The APR measures the academic performance only of students on athletic scholarships, and only in those sports in which a college competes within Division I. The NCAA sets limits, by sport and division, on the maximium number of scholarships that can be awarded. For example, 85 scholarships are allowed to a Division I-A football program, 13 to a Division-I men's basketball program. (The NCAA busybodies also impose some minima, so it may happen that a school that can't scrape together the required minimum of money for scholarships at Division II will be kicked down to Division III, where it can't award scholarships at all. There are very excellent reasons for such rules.)
For each scholarship athlete on a team, the team can earn up to two points per term toward the APR: one for the student's meeting academic eligibility standards and one for his or her return for the next term. If a student is about to graduate, return the following semester is not expected, and only one point is possible. This kind of consideration is complicated by the NCAA's eligibility criteria, which limit the number of years anyone is allowed to participate in student athletics (a single limit applies even if one graduates and goes on to graduate school). The total number of points a team can earn is cumulated over the semesters in a moving window of two, three, or four years and serves as a denominator in computing the APR. (Because data are not uniformly available for past years, the new assessment regime is being initiated with a two-year window. The window will be expanded in successive years as data become available.) The number of those possible points actually earned by scholarship athletes, multiplied by 1000, provides a numerator, and the quotient is the APR. A large fraction of teams achieve the maximum of 1000, because most NCAA teams are not football, baseball, or men's basketball.
An APR of 925 is estimated by the NCAA to correspond to a six-year graduation rate of 50%. The value of 925 will serve as a cut-off, with penalties being imposed only on those teams falling below it. For small teams, the cut-off is adjusted downward to take account of small-number statistics. (I.e., the measure is regarded as a sampling of an underlying performance, and a confidence interval is used to avoid penalizing a team that appears poor as a result of a statistical fluctuation.)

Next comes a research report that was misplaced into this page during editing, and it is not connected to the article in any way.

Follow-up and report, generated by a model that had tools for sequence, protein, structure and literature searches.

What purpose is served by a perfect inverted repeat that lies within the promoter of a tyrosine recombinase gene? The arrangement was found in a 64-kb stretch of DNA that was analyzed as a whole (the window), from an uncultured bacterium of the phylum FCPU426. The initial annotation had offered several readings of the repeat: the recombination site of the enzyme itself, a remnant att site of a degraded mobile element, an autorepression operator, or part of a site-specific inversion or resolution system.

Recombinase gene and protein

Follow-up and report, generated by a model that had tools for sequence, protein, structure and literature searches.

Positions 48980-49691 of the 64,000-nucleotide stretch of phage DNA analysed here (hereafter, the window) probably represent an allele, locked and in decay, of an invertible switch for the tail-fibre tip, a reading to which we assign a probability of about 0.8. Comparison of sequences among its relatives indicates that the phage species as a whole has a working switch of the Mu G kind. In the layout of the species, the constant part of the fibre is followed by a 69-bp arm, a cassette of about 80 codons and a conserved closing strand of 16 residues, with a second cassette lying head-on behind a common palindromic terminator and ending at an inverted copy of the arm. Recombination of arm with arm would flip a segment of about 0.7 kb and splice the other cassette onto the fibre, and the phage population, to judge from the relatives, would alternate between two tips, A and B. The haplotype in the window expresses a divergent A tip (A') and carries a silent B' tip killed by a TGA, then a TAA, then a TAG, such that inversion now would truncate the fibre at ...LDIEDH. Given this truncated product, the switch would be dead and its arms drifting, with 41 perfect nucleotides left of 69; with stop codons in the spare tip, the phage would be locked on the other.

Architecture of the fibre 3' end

The kind of penalty that may be imposed if a school fails to meet the cut-off is a ``contemporary penalty.'' Other, more punitive ``historically-based penalties,'' to be based on both APR and GSR (graduation success rate), are under development as of 2005. These will target schools that chronically underperform.
Contemporary penalties are imposed only for ``0-for-2'' students (students that could have earned their teams two points in the APR measure, but earned none). The penalty is simply that the scholarship that had been awarded to that student, who has now left, cannot be reawarded (in that sport) for the following semester.
The limit on scholarships is a limit on the maximum number of scholarships allowed. That is, the number of 0-for-2's in a semester reduces by an equal number the maximum number of scholarships a team is allowed in the next semester. If a program is currently awarding fewer scholarships than the maximum that the NCAA allows, then initially the penalty has no bite.
The initialism is often expanded with a second capital arr -- i.e., with ``Re-Refiners.'' The organization logo (displayed here and here) uses ``Re-refiners.'' The matter may be moot: the Internet reveals few signs of APR life since 1992, when it published the Proceedings of the 6th International Conference on Used Oil Recovery and Reuse, ``Re-Refining Rebirth,'' San Francisco, May 28-31, 1991.
Frankly, the whole business seems to make very little news or noise. Cf. National Oil Recyclers Association.
Do April showers bring May flowers? Could be. Check at <weather.com>.
Wordsworth also died on this date in 1850. That was just twelve days shy of 234 years after Shakespeare. It's okay not to be impressed. There is also a tradition that Shakespeare was born on April 23 (1554). That far back, the dates that are more likely to be recorded are those of baptisms.
Here's the beginning of the abstract:
The thesis of the autonomy of philosophy, the view that philosophy is a discipline with its own distinctive method and subject matter, has usually been connected with the possible existence of the a priori. Since knowledge in natural science is empirical or a posteriori, if there is a kind of knowing that is distinctively philosophical, this must be non empirical. The very possibility of philosophical knowledge is therefore intimately connected to that of a priori knowledge. ...
The APS holds annual meetings of various subspecialties, and the big one-week meeting for condensed-matter physics is always held in mid-to-late March, occasionally edging into April. The meeting draws a few thousand physicists, so it must be held in a large city. In 1986, it was held in Las Vegas, Nevada.